FAPRI releases report on impacts of eliminating direct payments to US farmers
June 30th, 2011
On Thursday June 29th, the University of Missouri’s Food and Agriculture Policy Research Institute (FAPRI) released a report entitled “Potential Impacts of Limiting Direct Payments.” The report estimates the economic impacts to farmers, landowners, federal budgetary outlays and consumers if direct payments to farmers are eliminated.
The report comes at a time when Congressional leaders and the Obama administration are looking for ways to trim the federal deficit and find a solution to paying the nation’s debt on time, to avoid significant and widespread effects to the American economy. Although a select number of congressional offices have proposed cuts to direct payments in the past, the have remained virtually unscathed since being enacted in 1996. Now, however, it seems as though the end or at least a diminution of direct payments may be closer than ever.
The FAPRI report suggests that zeroing out direct payments will not have the catastrophic impact on farmers that many proponents of the program have proclaimed for years. Interestingly, it also estimates a far lower cost savings on ten year federal budgetary outlays than has been assumed by Administration and congressional budget negotiators.
An important consideration in the FAPRI report is whether or not farmers who currently earn direct payments will enroll in the Average Crop Revenue Election (ACRE) program once direct payments have ended. The level at which farmers enroll in ACRE in a post direct-payment world plays a critical role in determining how farmer income, land values, budgetary outlays and consumer prices are affected by the policy change.
The FAPRI report provides economic impact estimates based on both the “baseline” ACRE participation (i.e. current relatively low participation rates) and 100 percent ACRE participation (i.e. participation of all farmers and investors who once received direct payments). Most observers believe that nearly all farmers and investors who received direct payments will almost certainly enroll in ACRE if direct payments are no longer an option.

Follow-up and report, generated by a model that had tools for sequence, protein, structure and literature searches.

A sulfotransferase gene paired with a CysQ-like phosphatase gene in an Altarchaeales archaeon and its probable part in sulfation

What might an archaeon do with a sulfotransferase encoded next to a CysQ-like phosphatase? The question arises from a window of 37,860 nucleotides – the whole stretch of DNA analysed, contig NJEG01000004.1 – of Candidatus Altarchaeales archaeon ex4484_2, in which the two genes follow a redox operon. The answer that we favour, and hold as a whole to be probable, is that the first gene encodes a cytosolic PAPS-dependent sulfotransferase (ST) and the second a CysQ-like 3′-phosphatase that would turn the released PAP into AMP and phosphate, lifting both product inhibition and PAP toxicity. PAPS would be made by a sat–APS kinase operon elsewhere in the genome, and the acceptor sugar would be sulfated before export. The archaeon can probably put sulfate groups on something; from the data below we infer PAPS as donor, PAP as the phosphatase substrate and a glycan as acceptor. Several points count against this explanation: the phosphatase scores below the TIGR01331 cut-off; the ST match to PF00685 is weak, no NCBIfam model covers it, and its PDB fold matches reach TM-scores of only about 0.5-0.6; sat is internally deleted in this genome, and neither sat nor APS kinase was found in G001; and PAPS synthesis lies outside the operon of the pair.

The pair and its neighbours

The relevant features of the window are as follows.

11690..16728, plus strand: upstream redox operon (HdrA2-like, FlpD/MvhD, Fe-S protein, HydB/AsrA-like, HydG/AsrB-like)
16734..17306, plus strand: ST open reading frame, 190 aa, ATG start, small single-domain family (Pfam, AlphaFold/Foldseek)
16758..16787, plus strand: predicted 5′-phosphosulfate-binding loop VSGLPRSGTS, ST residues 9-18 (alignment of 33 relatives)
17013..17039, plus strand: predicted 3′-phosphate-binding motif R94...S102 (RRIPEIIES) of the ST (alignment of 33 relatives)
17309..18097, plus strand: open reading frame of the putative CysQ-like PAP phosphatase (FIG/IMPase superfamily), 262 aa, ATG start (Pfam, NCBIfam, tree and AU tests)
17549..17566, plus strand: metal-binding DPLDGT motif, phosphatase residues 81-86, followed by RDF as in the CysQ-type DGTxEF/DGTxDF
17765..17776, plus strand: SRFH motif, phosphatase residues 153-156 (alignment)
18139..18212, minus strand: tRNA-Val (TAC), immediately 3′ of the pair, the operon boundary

With respect to budgetary outlays, FAPRI estimates that the Commodity Credit Corporation (CCC) would save approximately 45 percent or $41.7 billion if ACRE participation remains at baseline between 2012 and 2021 if direct payments are eliminated. If, however, ACRE participation increases to 100 percent, as is more likely, the CCC would only save $18.9 billion (20 percent) over the same ten year period. Although $18.9 billion is still a significant savings, it is much less than the $34 billion that the Administration and congressional budget deal negotiators have reportedly been assuming.
Commodity farmers need not worry too much about revenues or crop prices as a result of direct payment cuts, according to the report. FAPRI estimates that prices for the five major commodity crops (corn, wheat, rice, upland cotton, soybeans) would fall no more than 1.5 percent from today’s prices (in either the baseline or 100% ACRE participation rate scenarios) if direct payments are no longer available.
Acreage planted will also not change significantly either if direct payments are eliminated according to the report. Plantings of the major commodities listed above would decline by only 0.2 percent per year under baseline ACRE participation, and increase by 0.2 percent under 100 percent ACRE participation.
Consumer prices would also increase by less than 0.1 percent per year, which the reports deems as negligible.
Landowners and bankers may more reason to be concerned, however. Real estate values would decline by up to 2.7 percent (or $71 per acre) per year over the same time period. Further, total farm income would decline by $3.2 billion or 3.3 percent pear year under baseline participation in ACRE assumptions and by only 2.0 percent or $1.9 billion per year under the 100 percent ACRE participation assumption.
This report provides an important independent estimate to be added to the mix of official estimates by the White House Office of Management and Budget and the Congressional Budget Office. How it plays out in the budget negotiations and the congressional deliberations on the budget remains uncertain for now.
NSAC will continue to do its best to keep readers abreast of developments related to the budget and agriculture spending in the coming weeks as the deadline for an agreement on the debt ceiling approaches.